Friday, January 22, 2010

Earthquake in Massachusetts.


by Ambassador (ret.) Yoram Ettinger


Scott Brown's victory constitutes an unprecedented earthquake in US politics.


If a Massachusetts Senate seat is not safe, then no House, Senate or White House seat is safe anymore!


Scott Brown's victory dealt a severe blow to the Democratic Party in its own Flag Ship, Massachusetts, the state of the Kennedy family and Tip O'Neil, the state which introduced the health care reform, the only state which voted for McGovern in 1972, the state which had not elected a Republican Senator since Ed Brooke in 1972, the state which accorded President Obama a 26% margin in 2008, a state where only 12% of the registered voters are Republicans.


Brown's election highlights a victory of the unique US democracy, which evolves around constituents and not around the President, Congress or political partiesMassachusetts voters supported Brown in defiance of the Republican machine, which did not consider him a worthy candidate at the beginning of the race, and in defiance of the Democratic machine, which attempted to discredit him.


Brown's victory is an indicator of Obama's desertion by Independents, who represent 51% of the Massachusetts electorate and 33% of US voters. From a 31% deficit 45 days ago, Brown surged ahead by 4% due to the Independent bloc, which voted Obama in 2008, was frustrated by Obama's performance in 2009 and considers Scott Brown an effective venue to send a loud warning to the White House.


Brown's victory will cause after-shocks throughout the USA in general and in the White House, 100 Senate offices and 435 House offices in particular.  The victory has adrenalized Republicans, ahead of the spring 2010 primaries and the November 2010 congressional and gubernatorial election.  It entices better candidates to enter the Republican primaries and generates more campaign contributions to Republican war chests.  On the other hand, it is already causing sleepless nights for Democratic incumbents and increases the potential for retirement and possible switchovers among moderate and conservative Democrats. The closer they get to November, the closer they get to their constituents, and therefore the farther away they may want to get from the President.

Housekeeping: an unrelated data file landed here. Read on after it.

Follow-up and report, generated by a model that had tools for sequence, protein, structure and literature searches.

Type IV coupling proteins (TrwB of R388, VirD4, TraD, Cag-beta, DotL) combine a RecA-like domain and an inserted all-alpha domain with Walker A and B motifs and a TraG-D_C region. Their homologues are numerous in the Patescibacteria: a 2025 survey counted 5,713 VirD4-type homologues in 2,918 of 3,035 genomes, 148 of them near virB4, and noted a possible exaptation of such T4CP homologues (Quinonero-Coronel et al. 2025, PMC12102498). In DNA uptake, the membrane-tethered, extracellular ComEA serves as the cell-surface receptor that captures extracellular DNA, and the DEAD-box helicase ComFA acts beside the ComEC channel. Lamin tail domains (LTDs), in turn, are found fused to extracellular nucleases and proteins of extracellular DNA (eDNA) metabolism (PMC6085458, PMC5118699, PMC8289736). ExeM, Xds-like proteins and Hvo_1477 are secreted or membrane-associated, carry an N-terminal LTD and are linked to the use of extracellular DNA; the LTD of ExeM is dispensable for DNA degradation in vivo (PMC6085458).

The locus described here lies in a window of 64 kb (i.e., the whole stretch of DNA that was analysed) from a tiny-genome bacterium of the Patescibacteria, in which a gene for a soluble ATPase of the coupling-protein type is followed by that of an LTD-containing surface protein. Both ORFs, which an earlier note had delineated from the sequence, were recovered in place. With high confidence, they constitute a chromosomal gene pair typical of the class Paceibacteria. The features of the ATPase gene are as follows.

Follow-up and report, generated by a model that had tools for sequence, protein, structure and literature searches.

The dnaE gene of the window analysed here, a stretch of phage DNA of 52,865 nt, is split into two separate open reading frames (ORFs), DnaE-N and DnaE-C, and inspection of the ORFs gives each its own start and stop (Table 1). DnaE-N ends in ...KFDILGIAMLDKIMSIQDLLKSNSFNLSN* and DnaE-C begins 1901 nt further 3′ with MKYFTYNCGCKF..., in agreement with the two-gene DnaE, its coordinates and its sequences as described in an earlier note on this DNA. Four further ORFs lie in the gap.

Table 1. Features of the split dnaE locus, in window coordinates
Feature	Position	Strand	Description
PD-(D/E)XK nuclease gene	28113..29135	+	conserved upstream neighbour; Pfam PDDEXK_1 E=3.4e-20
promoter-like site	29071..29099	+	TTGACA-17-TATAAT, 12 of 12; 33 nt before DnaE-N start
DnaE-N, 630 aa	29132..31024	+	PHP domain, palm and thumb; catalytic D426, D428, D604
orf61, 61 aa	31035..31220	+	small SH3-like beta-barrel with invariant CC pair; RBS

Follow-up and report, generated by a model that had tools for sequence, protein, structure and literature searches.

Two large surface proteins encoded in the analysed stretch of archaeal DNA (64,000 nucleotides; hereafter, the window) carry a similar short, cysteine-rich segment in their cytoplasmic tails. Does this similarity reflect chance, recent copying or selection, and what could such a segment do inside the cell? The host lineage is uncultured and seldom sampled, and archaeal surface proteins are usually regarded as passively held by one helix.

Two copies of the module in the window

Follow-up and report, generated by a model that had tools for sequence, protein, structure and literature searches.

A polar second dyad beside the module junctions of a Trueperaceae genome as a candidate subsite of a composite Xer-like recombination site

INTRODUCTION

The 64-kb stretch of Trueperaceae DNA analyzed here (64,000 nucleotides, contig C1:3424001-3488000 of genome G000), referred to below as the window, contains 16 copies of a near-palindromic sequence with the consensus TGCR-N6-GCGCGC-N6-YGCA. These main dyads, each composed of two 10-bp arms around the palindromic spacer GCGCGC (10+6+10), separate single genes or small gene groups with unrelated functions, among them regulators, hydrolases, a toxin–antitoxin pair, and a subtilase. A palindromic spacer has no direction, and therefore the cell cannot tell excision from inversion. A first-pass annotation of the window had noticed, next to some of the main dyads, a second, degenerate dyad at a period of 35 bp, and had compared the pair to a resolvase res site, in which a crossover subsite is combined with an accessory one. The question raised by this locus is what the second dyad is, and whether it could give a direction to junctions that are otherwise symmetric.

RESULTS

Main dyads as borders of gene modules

Brown's victory – on the day of Obama's first Presidential anniversary – confirms that the November 2009 election was indeed a validation of Obama's collapse in public opinion, of the growing public disappointment in Obama's character and capabilities and of Obama's increasing vulnerability at home and abroad.  Brown targeted for criticism Obama's domestic and international policies.  The Senator-elect represents the majority of the US public, which suspects – rightly or wrongly - that Obama is about to defy an American ethos by increasing taxes, exacerbating the budget deficit and expanding government involvement in the economy.  Brown has also criticized the White House soft position on Islamic terrorism and harsh attitude toward the CIA: "The President should bolster the armed forces and not bolster legal defense of terrorists." 


Brown's victory was achieved in spite of – and due to – the intense involvement of White House Chief-of-Staff, Rahm Emanuel, in Obama's policy-making and in the Massachusetts election.  Once again, it was evident that – in the US political arena - arrogance, rudeness, scorn and aggression drive voters away from elected officials.  It constitutes a lethal boomerang.


Brown's election represents the victory of mainstream America's worldview over the worldview of President Obama. Brown represents non-apologetic patriotism, belief in liberty for the people and checks and balances for the government, Judeo-Christian values, pride in the moral, military, technological and economic US exceptionalism, reservations about the UN and the European state-of-mind, determination to defeat – and not to engage – rogue regimes, supporting mutually-beneficial cooperation with allies, which are bonded by shared values, mutual threats and joint interests.



Ambassador (ret.) Yoram Ettinger

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